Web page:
The History of the Barber Family and Wee Jasper Station
Cooradigbee is generally acknowledged as the first farm in the Wee Jasper valley. Four generations of the Barber Family lived and worked there from the 1860s to the 1970s.
Samuel Barber, one of the largest and wealthiest landholders in New South Wales purchased Cooradigbee in 1866. Samuel applied for his first land grant when only 15 and was successful in obtaining grants from governors Macquarie, Brisbane and Darling. He began taking up land in the Murrumbidgee and Lachlan districts in the 1830s. Samuel is listed as the lessee of Bogolaro (30,000 acres), Benduck (32,000 acres) and Cannon Point (32,000 acres).
Samuel married Mary Inness in 1826, they had nine children and lived for many years at Bogolaro not far from Bookham and just north of Corradigbee.
Henry James took over management of Cooradigbee in 1867 at the age of 28 and inherited the property when his father Samuel died in 1890. Henry James and his wife Emma Masters had twelve children, only nine survived. He acquired several other properties in the district including Sutton Grange, Woolgarlo and Silverdale near Yass and the family lived on these at different times. They were back at Cooradigbee in 1891 when Henry James died after a lung infection at the age of 52. At the time of his death Cooradigbee was a property of 7265 acres.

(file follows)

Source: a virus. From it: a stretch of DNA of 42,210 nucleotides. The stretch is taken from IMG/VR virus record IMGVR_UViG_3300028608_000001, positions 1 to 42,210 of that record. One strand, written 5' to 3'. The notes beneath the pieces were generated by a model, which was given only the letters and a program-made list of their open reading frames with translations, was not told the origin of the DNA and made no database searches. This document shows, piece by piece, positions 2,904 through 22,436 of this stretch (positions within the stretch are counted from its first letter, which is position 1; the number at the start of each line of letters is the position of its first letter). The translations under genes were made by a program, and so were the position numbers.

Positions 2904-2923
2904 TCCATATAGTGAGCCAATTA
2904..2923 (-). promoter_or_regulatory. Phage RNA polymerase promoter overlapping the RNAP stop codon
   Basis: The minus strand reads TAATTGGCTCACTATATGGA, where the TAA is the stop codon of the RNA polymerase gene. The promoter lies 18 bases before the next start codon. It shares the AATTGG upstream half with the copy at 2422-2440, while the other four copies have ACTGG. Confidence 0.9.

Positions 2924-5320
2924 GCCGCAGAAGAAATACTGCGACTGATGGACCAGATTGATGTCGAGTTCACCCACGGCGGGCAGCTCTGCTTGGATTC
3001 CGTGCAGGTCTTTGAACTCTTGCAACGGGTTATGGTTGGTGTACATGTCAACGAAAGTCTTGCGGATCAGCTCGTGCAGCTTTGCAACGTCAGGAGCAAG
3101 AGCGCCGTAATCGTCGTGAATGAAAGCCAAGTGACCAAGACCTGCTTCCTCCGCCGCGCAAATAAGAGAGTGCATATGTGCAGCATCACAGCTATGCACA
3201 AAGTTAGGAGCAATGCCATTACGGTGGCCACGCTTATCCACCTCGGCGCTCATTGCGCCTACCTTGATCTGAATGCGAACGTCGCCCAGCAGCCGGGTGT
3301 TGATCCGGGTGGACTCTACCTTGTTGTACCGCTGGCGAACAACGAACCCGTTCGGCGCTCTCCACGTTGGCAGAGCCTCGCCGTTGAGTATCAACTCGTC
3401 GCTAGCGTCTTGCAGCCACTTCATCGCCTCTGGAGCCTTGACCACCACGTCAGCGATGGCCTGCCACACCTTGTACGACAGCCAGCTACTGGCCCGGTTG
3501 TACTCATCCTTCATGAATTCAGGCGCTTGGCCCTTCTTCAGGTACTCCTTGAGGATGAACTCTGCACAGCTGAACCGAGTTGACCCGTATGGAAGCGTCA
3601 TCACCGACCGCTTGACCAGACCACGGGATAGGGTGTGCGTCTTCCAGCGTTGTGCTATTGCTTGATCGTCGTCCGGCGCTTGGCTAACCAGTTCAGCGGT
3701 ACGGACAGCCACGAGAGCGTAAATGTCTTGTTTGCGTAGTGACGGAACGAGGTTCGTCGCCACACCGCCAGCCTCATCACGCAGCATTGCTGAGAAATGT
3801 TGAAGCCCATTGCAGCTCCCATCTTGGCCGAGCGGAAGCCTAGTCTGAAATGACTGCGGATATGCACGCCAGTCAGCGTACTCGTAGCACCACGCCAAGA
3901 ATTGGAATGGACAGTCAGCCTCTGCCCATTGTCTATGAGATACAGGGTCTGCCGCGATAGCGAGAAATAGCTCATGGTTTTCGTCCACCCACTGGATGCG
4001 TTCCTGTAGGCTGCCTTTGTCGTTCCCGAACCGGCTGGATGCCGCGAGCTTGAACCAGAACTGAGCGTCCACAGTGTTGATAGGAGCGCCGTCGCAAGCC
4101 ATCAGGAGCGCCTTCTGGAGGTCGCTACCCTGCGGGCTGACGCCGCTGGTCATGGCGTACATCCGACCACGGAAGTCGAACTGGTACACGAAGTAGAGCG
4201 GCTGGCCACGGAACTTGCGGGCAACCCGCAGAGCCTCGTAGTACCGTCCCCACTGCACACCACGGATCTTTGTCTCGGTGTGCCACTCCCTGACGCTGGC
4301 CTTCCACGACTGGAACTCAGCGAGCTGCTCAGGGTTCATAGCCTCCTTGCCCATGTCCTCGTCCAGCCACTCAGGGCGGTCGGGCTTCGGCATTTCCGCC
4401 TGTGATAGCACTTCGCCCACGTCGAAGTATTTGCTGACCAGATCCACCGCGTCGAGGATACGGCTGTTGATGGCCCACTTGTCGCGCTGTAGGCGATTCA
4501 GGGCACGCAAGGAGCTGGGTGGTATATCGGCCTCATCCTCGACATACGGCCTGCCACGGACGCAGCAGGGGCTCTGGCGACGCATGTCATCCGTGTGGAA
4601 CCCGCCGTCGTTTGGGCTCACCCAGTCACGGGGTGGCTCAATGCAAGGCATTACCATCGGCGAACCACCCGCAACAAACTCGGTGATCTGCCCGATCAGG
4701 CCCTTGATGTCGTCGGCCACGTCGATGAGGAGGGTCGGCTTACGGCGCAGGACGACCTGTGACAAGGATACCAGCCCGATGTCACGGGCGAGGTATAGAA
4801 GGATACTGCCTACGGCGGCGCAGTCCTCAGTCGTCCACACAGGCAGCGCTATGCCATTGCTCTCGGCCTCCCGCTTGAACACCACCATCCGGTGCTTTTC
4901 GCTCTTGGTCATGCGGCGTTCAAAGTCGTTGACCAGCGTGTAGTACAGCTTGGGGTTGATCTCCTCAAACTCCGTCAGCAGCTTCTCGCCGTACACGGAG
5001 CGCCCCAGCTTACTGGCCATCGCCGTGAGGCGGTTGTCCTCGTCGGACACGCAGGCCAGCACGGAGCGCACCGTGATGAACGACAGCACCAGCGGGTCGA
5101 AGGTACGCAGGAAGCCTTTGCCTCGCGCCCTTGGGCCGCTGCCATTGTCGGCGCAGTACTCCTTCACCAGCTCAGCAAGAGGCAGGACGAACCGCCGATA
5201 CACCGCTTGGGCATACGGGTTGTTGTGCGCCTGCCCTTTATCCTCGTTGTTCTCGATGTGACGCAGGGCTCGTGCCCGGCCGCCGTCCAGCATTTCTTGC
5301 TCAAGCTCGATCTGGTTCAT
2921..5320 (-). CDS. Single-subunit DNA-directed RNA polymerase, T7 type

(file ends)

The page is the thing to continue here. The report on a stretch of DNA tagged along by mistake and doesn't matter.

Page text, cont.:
Henry and Emma Barber’s sons, Henry James Jnr, Samuel Innes, Charles and Alfred Barber continued to live at Cooradigbee for some years after their mother died in 1899. All four sons had left the district by 1914 but several of their offspring continued to farm land in the valley that had once been part of Cooradigbee.
Samuel Innes Barber’s son, Claude and his wife Rose Wilson took over the property around 1915. Claude ran the property for over 40 years. Claude’s final clip before he retired to Canberra in the 1950s was 350 bales and in good times he ran 15,000 sheep and cattle on the property.
Claude and Rose’s son Dudley married Dorothy Smith of Coodra Vale. Dudley settled with his wife and four children Chris, Justin, Melinda and Aliscia at Cave Creek. He called his share of the property Goodradigbee.
Dudley was a skilled horseman and a regular entrant in the rodeo events held at Wee Jasper Station. Dudley served in World War II and was a ‘Rat of Tabruk’. He was a bushman to the core and also wrote wonderful poetry.
Chris, Justin and Melinda have since returned and purchased land in the valley. In the 1990s Chris Barber purchased Goodradigee bringing back into the family land that had been farmed by the Barbers for generations. He also purchased Wee Jasper Station and has since restored and extended the homestead.
This information is an extract from the book “You can’t eat Scenery” Life in Wee Jasper 1850- 1970 written by Jennifer Barton. It can be purchased from the Rangers office at Billy Grace Reserve or Yass Information Centre.
Leonard Long's painting of Dudley Barber.